Manipulating how yeast cells work could lead to new medical treatments
When a stimulus descends upon a cell, it sets off a flurry of activity. Sensors on the surface take in information and relay it inside to other proteins, which perform computations and transmit their findings. The cell makes a decision and responds to the stimulus.
Megan McClean wants to figure out how it all works and then manipulate the process — fundamental research with implications for identifying drug targets and designing medical treatments.
“How can I predict what a cell’s going to do, and how can I make it do exactly what I want it to do? I find that really interesting. It’s the secret control freak in me,” she jokes.
McClean, an assistant professor of biomedical engineering at the University of Wisconsin–Madison, studies cellular signaling pathways, the biological networks that transform external signals into internal decisions such as whether to grow or die.
Now her work to better understand and engineer those signaling processes will get a boost, thanks to a Maximizing Investigators’ Research Award from the National Institutes of Health that provides her with $1.8 million over five years. In addition to supporting the range of research projects in her lab, it affords her the flexibility to pursue new questions as they emerge.
“We can grow and pivot and change direction as new things come up, which is really great, because a lot of science happens unexpectedly,” she says.
Since joining the College of Engineering faculty in 2015, McClean has devoted most of her attention to studying Saccharomyces cerevisiae (budding yeast) as a model. It’s a quick-growing, single-celled microorganism that’s easy to genetically manipulate and has key similarities to the cells of mammals. In particular, the signaling pathways she’s focused on — mitogen-activated protein kinase, or MAPK, which control some stress responses — also exist in humans.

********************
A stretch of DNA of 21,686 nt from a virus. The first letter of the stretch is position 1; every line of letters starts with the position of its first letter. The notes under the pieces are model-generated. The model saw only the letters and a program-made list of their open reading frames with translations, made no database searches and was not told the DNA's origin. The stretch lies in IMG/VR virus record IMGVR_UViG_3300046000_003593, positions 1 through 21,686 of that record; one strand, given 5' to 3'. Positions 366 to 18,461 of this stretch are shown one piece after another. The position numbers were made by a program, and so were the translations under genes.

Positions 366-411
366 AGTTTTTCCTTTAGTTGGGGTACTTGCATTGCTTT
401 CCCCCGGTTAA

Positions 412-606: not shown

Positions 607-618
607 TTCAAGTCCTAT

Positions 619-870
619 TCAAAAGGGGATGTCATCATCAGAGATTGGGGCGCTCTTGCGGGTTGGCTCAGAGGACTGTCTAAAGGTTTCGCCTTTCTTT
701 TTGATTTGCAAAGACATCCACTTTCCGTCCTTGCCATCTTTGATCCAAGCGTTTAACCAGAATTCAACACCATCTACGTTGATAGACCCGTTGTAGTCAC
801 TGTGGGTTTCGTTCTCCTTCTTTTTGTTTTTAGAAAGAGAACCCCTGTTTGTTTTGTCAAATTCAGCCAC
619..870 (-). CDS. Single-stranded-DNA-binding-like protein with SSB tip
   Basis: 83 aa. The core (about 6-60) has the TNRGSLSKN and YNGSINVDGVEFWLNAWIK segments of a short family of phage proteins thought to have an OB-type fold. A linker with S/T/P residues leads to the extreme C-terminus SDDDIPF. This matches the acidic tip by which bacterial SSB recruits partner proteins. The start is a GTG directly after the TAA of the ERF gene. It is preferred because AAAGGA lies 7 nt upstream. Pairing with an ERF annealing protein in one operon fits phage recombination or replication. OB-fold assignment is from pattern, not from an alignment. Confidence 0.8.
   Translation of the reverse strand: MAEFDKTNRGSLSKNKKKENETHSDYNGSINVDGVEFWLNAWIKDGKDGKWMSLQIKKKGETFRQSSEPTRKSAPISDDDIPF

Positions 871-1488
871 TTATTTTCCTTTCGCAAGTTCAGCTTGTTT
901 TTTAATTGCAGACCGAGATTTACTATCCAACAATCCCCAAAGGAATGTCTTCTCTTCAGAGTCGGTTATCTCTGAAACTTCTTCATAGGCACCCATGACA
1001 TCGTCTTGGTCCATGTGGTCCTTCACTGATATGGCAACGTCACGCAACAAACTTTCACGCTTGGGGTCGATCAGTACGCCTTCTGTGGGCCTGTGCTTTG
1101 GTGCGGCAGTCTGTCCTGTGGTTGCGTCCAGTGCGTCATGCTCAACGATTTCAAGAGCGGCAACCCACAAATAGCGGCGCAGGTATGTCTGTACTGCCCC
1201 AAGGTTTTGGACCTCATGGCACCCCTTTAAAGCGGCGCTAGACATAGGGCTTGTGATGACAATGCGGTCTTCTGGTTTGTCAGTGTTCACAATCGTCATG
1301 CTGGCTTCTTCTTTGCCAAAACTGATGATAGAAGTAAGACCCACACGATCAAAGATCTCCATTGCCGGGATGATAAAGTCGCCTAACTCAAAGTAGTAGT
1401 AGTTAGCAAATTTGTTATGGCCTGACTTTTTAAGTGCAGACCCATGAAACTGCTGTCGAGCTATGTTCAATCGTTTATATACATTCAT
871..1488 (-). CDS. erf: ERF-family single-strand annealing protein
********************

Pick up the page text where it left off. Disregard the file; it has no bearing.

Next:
“The reason I like the MAP kinase pathways is that they’re pretty well understood, and so if I want to model something and then ask an experimental question, that’s a really good place to ask it,” she says. “And they are also very clearly important in cancer in human cells, so understanding misregulation there should help, hopefully, understand some of the same things that can go wrong in higher organisms.”
By probing yeast cells, McClean hopes to glean lessons on topics such as how pathways filter environmental stimuli, what affects their response time, how signaling cuts across pathways, and how a robust structure can insulate pathways and make them difficult to target with drugs.
“How can I predict what a cell’s going to do, and how can I make it do exactly what I want it to do? I find that really interesting. It’s the secret control freak in me.”
She and her lab members do this by using microfluidic models to create precise environments in which to observe cellular behavior and by engineering light-sensitive proteins to optically control responses, a method known as optogenetics.
“One of the nice things about being in an engineering department and having access to engineering students is that we can iterate pretty flexibly between the biological experiment that we want to do and the device we need to build,” says McClean, who developed her interest in biology while studying applied mathematics at the University of California, Berkeley and Harvard University. “We’re not constrained to what device we can buy off the shelf.”
McClean has also begun expanding her research agenda to include pathogenic fungi. She hopes to build upon her knowledge of cellular response in budding yeast and uncover why and how pathogenic yeast cells decide to disperse from a localized infection site and spread to other parts of the body.
“That’s totally new and uncharted waters for us,” she says, “and UW–Madison turns out to be a really great place for it, because there’s a very strong pathogenic fungi group here.”